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Pumpkins in Many Languages
While pumpkins originated in America, the word has it's "roots" in the french word "pompion" of "pompon", the Greek word "pepon" and Latin "Pepon". In 1584, Jacques Cartier was doing a little exploring along the area of the Saint Lawerence River and happened upon the pumpkin, hence it's French roots.
Listed below are the translation of the word "Pumpkin" into dozens of languages? Do you know a translation not listed here? If so, please send it to us with our thanks.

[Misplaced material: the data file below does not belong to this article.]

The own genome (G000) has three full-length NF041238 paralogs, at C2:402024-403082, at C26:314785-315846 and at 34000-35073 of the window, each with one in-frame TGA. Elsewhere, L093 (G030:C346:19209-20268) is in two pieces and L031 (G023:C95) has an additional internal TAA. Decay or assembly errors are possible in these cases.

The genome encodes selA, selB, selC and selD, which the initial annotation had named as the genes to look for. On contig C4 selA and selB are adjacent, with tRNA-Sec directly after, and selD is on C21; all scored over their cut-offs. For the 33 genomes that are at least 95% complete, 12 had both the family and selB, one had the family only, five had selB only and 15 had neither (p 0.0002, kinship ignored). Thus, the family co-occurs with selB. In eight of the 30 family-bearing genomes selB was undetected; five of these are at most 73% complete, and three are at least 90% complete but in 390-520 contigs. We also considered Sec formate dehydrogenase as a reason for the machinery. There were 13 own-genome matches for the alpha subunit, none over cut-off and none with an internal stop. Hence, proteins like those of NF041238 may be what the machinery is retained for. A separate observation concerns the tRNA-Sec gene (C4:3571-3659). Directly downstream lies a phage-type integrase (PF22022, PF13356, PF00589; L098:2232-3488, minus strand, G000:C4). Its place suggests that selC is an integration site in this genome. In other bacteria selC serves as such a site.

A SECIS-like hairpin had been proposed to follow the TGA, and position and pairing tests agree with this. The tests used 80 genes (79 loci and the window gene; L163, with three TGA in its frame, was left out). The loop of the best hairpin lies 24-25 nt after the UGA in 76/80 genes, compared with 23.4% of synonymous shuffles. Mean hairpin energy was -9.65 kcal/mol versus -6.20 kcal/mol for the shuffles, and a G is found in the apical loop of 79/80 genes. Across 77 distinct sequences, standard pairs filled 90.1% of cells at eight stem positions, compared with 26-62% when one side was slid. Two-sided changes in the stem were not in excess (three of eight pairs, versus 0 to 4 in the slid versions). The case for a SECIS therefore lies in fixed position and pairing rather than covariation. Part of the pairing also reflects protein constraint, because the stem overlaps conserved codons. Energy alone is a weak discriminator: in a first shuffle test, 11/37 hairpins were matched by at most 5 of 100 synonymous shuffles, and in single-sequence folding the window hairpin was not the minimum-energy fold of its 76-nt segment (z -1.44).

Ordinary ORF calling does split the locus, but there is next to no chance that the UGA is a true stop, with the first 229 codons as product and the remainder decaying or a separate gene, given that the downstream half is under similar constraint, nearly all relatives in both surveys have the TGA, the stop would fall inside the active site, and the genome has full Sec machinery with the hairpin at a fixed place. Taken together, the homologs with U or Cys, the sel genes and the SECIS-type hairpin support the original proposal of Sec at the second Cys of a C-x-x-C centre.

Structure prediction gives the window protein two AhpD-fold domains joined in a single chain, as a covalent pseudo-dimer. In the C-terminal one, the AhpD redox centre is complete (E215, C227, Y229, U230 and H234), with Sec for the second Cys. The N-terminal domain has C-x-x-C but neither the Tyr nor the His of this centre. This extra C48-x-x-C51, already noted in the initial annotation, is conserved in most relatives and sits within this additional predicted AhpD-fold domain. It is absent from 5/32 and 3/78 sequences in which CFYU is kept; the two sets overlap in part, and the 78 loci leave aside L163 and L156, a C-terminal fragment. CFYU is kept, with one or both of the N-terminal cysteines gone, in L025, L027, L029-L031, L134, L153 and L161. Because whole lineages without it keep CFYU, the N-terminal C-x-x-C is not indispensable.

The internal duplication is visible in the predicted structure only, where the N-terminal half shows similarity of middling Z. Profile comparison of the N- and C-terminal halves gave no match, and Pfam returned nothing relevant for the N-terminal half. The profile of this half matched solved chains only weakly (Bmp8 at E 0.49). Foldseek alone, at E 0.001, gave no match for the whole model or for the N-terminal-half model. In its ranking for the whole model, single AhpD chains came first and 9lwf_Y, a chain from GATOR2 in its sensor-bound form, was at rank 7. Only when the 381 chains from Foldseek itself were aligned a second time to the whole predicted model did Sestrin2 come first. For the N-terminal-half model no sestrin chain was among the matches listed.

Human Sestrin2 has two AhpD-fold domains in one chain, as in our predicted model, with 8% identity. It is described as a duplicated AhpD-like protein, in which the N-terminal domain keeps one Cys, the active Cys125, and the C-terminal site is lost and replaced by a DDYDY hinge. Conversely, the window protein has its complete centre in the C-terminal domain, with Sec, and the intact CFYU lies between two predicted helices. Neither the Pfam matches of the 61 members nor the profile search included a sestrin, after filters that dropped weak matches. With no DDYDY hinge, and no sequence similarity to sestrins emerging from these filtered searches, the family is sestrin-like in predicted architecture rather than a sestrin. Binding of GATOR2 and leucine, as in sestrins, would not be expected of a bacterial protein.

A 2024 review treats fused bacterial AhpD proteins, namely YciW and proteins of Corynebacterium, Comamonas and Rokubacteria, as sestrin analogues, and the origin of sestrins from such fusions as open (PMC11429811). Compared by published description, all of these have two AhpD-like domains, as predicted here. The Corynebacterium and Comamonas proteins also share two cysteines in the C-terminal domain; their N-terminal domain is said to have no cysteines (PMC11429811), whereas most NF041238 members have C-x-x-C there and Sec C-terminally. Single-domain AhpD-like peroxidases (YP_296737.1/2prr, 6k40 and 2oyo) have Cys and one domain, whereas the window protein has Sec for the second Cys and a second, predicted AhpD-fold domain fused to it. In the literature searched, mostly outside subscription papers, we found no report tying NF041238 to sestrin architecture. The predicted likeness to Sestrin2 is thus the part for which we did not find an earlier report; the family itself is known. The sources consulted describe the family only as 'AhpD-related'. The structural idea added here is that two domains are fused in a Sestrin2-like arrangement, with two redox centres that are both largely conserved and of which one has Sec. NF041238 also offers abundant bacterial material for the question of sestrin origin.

1. Franch: Potiron and citrouille are not strictly equivalent but not really well-defined. 'Potiron' is usually larger in size than 'citrouille'. Both are Cucrbita pepo, anyway. There are of course several variant and local names for all kinds of Cucurbitaceae... Source,:Ivan S. Thiverval-Grignon, France
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